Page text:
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Ditherer has a brush with law; Actor James Fleet specialises in men who wouldn't say boo to a goose. New BBC1 sitcom Chambers has him looking ruffled and defenceless in a court of law, and it suits him. Graham Keal reports.

Playing a bumbling inadequate may not come easily to James Fleet, but he's very good at it. His latest sitcom casts him as a barrister working for John Bird, but he's not so much a legal eagle as bewigged budgerigar.

James has cornered the market in hesitant, half-baked, mild mannered men, with Hugo Horton in the Vicar of Dibley and timid Tom in Four Weddings and a Funeral being the best-known examples.

Now he's Hilary Tripping in BBC1's Chambers, picking up the role he played in an acclaimed run of three series on Radio 4. 'You can guess a lot about him just by his name, really,' says James.

'Hilary Tripping is entirely non-confrontational, which is a very bad thing in a barrister . . . He doesn't want to disappoint anybody by beating them, so he's always torn.'

Sarah Lancashire and John Bird play his more ambitious colleagues, and their names say a lot about them too. As Ruth Quirke Sarah is, well, quirky, and as bigoted head of chambers John Fuller-Carp, John is full of, er, rubbish.

The radio hit makes a smooth transition to TV, with some scenes filmed in the actual Inns of Court in London adding to the atmosphere.

'It was a huge eye-opener making the move to TV, seeing the set and making them into real people,' says James. It added to his performance too.

'When you do radio you don't know what you're doing when you start talking, and it's because you haven't had a costume fitting. When you go and have your fitting and you try the jacket on, you try the trousers on and you put your hands in the pockets and you think, 'Oh yeah, I know - he's like this . . . ''

Chambers is funny and classy, establishing that someone like Hilary may be highly intelligent yet still have all the worldly wisdom of the Andrex puppy.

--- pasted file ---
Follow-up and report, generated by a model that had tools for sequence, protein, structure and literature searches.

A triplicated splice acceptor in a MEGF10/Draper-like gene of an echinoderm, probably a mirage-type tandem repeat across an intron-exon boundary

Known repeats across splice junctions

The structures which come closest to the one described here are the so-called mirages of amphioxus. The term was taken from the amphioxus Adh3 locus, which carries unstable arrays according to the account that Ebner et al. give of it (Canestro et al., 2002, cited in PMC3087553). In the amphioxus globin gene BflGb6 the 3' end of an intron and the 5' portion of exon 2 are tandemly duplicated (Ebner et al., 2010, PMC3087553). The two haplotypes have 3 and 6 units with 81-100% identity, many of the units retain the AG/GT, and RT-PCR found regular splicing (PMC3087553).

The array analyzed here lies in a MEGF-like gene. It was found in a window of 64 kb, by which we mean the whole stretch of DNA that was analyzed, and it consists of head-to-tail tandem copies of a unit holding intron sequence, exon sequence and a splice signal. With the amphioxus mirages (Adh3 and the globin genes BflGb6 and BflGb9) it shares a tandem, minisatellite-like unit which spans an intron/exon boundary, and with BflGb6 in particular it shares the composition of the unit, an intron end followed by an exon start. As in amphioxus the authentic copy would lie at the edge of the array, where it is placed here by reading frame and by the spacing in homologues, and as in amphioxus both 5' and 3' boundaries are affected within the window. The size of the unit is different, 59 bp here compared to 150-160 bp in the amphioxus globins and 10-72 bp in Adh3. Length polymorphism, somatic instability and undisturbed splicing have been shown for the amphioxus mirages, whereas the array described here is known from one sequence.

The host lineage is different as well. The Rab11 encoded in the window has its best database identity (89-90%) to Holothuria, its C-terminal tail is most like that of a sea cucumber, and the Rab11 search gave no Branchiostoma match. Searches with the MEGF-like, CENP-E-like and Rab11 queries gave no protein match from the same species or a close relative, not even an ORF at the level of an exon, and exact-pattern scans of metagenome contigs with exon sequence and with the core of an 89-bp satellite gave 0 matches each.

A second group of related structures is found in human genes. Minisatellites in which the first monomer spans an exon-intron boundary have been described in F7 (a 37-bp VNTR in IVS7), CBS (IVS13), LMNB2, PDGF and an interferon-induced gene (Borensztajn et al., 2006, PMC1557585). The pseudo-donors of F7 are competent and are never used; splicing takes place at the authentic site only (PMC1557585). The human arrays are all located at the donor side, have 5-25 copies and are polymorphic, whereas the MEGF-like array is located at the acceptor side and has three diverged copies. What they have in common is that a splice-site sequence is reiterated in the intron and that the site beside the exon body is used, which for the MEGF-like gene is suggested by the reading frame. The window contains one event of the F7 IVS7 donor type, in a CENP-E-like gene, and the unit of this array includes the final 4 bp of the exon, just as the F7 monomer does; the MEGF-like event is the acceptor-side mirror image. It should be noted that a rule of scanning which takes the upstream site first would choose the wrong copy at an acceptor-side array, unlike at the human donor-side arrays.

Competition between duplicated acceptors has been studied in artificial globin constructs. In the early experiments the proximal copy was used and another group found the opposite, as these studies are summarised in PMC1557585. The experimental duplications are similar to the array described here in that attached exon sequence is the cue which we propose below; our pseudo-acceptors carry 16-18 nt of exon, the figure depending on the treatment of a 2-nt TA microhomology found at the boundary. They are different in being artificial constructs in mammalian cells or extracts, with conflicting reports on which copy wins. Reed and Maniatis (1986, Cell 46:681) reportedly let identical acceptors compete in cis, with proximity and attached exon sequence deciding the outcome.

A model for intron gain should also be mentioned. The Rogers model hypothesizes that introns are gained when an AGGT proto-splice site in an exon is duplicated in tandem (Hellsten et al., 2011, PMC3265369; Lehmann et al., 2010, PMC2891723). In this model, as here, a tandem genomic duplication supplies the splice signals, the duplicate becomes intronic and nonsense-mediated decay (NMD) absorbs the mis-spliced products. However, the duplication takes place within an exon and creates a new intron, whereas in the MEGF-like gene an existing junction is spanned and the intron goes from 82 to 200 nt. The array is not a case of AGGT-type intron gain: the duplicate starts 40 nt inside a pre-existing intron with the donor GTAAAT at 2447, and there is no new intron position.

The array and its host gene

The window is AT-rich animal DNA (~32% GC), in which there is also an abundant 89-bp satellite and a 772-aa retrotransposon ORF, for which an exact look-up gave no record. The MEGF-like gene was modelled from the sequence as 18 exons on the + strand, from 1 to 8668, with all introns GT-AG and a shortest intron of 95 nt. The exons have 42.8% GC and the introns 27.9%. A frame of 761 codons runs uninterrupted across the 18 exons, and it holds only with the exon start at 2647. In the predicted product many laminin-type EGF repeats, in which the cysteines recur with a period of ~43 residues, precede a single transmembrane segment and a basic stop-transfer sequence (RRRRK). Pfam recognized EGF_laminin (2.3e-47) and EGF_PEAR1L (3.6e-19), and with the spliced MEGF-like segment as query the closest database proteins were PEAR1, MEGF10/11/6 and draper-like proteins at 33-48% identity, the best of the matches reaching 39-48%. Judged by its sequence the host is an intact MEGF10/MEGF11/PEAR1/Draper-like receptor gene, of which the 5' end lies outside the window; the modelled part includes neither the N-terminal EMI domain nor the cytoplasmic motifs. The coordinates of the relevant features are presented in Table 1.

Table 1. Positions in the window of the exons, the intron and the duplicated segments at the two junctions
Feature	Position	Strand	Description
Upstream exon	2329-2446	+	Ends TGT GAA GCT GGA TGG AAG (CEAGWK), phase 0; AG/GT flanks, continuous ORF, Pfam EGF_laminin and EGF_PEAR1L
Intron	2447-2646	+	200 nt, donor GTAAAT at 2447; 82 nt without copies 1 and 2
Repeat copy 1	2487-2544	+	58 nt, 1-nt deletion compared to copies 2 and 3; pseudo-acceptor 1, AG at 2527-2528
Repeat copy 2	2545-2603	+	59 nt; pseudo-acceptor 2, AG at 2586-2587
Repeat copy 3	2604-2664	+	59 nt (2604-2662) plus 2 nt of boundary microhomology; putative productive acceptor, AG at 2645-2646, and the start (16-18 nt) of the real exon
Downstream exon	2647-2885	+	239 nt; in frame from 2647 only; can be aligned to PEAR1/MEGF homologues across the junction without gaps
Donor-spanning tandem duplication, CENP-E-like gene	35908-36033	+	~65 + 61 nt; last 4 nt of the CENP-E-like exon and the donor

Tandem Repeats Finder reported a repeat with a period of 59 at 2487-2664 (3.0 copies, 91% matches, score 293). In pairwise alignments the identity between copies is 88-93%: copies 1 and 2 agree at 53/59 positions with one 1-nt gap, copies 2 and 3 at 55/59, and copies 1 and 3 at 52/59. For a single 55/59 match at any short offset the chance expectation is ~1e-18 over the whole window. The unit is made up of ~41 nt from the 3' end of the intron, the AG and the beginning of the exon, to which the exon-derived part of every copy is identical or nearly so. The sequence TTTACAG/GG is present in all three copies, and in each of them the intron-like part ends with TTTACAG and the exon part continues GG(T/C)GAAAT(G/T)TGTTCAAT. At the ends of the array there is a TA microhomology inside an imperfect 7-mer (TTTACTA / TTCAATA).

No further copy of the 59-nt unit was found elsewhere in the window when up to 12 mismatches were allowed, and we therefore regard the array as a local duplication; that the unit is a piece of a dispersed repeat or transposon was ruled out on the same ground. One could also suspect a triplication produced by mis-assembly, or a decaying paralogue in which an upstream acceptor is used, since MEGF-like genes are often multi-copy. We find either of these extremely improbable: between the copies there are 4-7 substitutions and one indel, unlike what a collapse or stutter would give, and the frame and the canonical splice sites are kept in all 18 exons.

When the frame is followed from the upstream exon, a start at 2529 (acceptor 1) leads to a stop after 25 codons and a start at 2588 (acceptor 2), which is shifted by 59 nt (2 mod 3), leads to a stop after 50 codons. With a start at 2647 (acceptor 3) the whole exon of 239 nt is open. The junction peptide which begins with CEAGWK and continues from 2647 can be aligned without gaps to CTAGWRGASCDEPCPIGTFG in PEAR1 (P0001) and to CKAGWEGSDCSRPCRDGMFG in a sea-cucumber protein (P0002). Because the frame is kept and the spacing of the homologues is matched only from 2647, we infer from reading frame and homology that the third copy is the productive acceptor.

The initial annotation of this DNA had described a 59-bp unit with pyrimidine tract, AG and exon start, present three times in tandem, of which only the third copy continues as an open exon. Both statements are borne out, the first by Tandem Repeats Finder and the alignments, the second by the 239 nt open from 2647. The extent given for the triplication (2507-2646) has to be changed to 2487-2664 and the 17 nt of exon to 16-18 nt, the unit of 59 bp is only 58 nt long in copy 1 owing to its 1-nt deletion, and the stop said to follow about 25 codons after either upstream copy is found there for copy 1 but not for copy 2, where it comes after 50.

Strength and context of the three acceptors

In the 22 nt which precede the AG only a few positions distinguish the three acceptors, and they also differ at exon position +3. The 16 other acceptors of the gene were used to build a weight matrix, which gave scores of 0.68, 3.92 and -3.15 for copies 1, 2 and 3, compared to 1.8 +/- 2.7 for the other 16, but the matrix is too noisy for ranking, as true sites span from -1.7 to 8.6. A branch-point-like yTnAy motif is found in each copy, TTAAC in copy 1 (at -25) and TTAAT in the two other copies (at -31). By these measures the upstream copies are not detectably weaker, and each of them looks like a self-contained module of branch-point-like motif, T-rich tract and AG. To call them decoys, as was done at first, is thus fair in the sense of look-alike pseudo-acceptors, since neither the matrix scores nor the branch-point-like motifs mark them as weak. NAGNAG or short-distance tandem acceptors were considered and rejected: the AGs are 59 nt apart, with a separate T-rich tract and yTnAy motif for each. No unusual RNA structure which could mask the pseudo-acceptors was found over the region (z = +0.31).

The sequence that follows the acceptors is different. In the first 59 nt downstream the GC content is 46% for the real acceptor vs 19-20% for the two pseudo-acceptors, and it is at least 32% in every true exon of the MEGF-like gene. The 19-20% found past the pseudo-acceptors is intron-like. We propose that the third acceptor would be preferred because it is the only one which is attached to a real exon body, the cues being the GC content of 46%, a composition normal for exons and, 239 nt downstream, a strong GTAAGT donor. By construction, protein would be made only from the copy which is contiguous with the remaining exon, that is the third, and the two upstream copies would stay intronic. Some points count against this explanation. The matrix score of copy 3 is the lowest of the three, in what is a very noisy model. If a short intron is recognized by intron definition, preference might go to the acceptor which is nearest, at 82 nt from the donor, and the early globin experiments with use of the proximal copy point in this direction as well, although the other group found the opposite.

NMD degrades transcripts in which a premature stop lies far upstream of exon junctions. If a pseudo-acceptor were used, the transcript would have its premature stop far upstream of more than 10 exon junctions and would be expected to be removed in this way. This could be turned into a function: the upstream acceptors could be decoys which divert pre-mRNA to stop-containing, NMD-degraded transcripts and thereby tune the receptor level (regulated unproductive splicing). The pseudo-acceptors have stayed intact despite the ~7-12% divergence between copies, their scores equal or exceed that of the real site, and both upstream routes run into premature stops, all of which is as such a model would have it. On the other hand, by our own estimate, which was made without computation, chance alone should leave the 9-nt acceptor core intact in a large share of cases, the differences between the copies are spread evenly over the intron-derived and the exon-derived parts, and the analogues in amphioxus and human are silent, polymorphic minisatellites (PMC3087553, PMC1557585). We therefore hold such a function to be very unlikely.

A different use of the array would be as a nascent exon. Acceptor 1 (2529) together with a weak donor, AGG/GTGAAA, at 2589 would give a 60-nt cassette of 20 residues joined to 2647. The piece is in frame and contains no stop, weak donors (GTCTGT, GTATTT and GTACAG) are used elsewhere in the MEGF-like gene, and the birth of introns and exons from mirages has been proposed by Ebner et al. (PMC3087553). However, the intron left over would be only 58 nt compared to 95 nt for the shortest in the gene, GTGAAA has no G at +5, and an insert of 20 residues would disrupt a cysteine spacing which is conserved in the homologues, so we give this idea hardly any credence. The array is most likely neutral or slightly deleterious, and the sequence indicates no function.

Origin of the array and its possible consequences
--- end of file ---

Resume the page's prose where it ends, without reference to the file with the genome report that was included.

'It's sort of subversive really. It says, 'Look, these people are in the legal system and they're completely incompetent.' And you laugh at that in the same way that you laugh at Yes Minister. We live in a country where the legal system's completely weird and we don't understand it. Sometimes it feels like it's run by idiots. And in Chambers, it is.'

Accurate or not, the perception that barristers are a mollycoddled minority who earn sums out of all proportion to their talents is a popular one.

And aspects of Chambers do ring true. Writer Clive Coleman is an ex-barrister, so he knows all the dodges, the scams and the 'respectable' route to inflated fees and six-figure incomes.

Whether his former colleagues will thank him for revealing them is another matter, though the radio recordings at Broadcasting House proved a popular outing for law students.

Episode one sees Hilary's chambers heading for a fat fee from a lengthy, pounds 50 million property dispute. The work barristers put into the case is irrelevant - the fee will be inspired by what the case is worth to the litigants, nothing else.

James is once again playing the innocent but he can't just do it on autopilot. 'If anyone tells you it's easy then they don't know what they're talking about,' he says.

'Making a good sitcom is the hardest thing. Making believable characters do these extreme things and then timing it and making it pacy is really hard. Film making is a lot easier.'

That, he says, is because film cameras come in really close, so the smallest eye twitch is picked up and the director can use it for any purpose.

Expressions and gestures for TV comedy must be precisely pitched somewhere between stage and film. 'You've got to be small for a camera but big because they don't come in close. It's very hard to do.'

Ditherer Hilary is clueless about women too, but James is a little more assured. He's married to actress Jane Booker and their son Hamish is seven.

The Scottish name harks back to James' mother's side. She was born in Aberdeenshire and took James from the Midlands to live there when he was ten, after the death of his father. James never saw a play until he was 18 and had no interest in acting - until he embarked on an engineering degree at Aberdeen Poly.

He joined the dramatic society at Aberdeen University and got the bug. 'I dropped out of engineering and went to drama school in Glasgow.'

Since then he has tackled all manner of roles - a murderous religious zealot in Cracker, a wily politician in Crossing the Floor and cuckolded husband number five in Moll Flanders - but it's the ditherers who get remembered. Off-screen James may be more dynamic, but not that much more.

Had he ever had a brush with the law? 'Hmmm, yes. I got a speeding ticket once. It came in the post.'

Chambers starts this coming Thursday on BBC1.

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Author:Keal, Graham
Publication:The Birmingham Post (England)
Date:Jun 10, 2000
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